Thursday 26 April 2018

Mind matters: Kidnapping has serious psychological consequences

Chloe Ayling Pic: Instagram
Chloe Ayling Pic: Instagram

Patricia Casey

British glamour model Chloe Ayling alleges that she was kidnapped by a gang and threatened with being sold as a sex slave on the internet by a group known as Black Death. The mum-of-one says she was released by her main captor earlier this month and is now back in England, staying with her mother.

Ms Ayling (20) was interviewed briefly for a TV station and read a prepared response saying she constantly feared for her life. She was calm, smiling, made-up like any model, hair in a crafted tussle and dressed in skimpy summer gear. It was not possible to detect any signs of the distress, fear, panic or detachment that one would expect in a victim of serious crime. It is possible that she is concealing it well and that over the coming days her composure will crumble and her emotions will exhibit the force that anybody would experience in such terrifying circumstances.

It is difficult to imagine the impact of being tied up, mouth taped shut, while locked in a car boot for several hours, as Ms Ayling reportedly was. The darkness, the inability to open one's mouth, the reduction in the intake of air and the uncertainty about the next step in this harrowing journey of captivity can barely be conceived of.

Will the next stage be rape, torture and death? When will it happen? Will it be slow and painful or swift and relatively painless? Depending on the amount of drug used, the victim may be fortunate enough to have no recollection of the kidnap. But this in itself will lead to questions as they try to piece together the events in jigsaw-like fashion.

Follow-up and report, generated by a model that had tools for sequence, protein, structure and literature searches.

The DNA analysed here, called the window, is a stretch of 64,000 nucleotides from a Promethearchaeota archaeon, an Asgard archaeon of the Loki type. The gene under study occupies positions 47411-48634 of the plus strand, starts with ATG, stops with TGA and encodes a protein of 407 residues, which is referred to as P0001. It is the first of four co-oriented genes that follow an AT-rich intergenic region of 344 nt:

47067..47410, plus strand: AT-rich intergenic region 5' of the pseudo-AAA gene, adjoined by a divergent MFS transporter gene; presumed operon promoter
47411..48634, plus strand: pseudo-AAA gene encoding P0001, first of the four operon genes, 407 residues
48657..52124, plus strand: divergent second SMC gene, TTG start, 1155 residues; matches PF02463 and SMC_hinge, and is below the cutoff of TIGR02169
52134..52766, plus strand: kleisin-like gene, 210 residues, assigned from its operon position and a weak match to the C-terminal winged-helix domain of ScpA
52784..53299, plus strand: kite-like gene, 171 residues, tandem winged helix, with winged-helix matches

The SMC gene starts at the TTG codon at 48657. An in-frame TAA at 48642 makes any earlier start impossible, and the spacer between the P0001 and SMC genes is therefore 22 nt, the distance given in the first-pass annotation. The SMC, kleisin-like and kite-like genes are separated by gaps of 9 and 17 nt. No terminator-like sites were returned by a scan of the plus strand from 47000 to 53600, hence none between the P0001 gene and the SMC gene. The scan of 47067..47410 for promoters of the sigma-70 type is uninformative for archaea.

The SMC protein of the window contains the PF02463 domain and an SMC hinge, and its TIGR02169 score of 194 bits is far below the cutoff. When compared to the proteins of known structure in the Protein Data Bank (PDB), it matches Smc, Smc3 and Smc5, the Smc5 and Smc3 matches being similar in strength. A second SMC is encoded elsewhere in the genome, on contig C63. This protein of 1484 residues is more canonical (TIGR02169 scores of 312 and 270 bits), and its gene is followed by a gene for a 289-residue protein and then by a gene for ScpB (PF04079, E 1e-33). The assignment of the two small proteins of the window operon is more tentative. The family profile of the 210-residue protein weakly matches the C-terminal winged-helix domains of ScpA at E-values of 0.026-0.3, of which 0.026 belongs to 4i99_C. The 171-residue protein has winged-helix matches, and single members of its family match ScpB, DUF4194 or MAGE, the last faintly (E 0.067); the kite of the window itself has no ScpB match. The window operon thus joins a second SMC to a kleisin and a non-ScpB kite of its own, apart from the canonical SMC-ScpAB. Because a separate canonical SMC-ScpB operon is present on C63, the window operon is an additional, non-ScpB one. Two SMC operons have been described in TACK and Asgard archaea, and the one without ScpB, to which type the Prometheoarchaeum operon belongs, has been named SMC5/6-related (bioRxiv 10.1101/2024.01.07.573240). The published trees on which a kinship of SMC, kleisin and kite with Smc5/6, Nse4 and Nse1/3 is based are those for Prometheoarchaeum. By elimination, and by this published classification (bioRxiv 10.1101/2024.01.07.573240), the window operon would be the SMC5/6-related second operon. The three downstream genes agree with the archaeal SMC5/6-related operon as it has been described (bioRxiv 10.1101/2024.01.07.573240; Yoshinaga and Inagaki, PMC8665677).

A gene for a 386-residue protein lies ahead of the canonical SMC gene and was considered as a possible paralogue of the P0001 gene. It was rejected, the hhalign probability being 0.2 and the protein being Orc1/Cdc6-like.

Then imagine your captor sharing the bed with you and wanting sex. The fear of sexual assault must be very real. It may be impossible to sleep for fear that the captor will assault the victim when she is in this most vulnerable state. For a mother thinking about, and perhaps even dreaming about, her little boy at home, must be heartrending, contemplating that she may never see him again.

Knowing that the plan was to sell her as a sex slave perhaps helped diminish Ms Ayling's fear of immediate torture and death - but this would have been little consolation as the future, had she been sold, would have been grim.

The emotional maelstrom that such a situation creates is likely to be in evidence for months, if not years. Some develop 'frozen fear' or panic attacks. Most of us believe the world to be a safe place, but an overwhelming threat such as a kidnap will definitively dent that image. Our trust in those we know - and even more so in those we don't - will be fragile, if not totally absent, and we will try to avoid reminders of the event.

There is initial relief following release, but as the horror of the event sinks in and the possible outcomes are contemplated, talking about it becomes distressing. Some avoid doing so but with media interest, such as there is in this case, it will be impossible to avoid. And this will generate visible emotion. So too will being reunited with your child.

In such a vulnerable and distressed state, in the aftermath the individual needs time and space along with appropriate psychological assistance and support to recoup. This resolution may be delayed because of social withdrawal. During the period of psychological recovery the person should not make any major life decisions as they are likely to be coloured by the anxiety that the event has generated.

If the event occurred as Ms Ayling described, she would be strongly advised to seek a respected trauma therapist and to follow his/her advice. It is unclear what psychological support she has received, if any.

Over the coming days and weeks this unusual kidnap will be dissected and it is likely that new information will come to light and some of the unusual features surrounding this crime and Ms Ayling's emotional responses will become evident.

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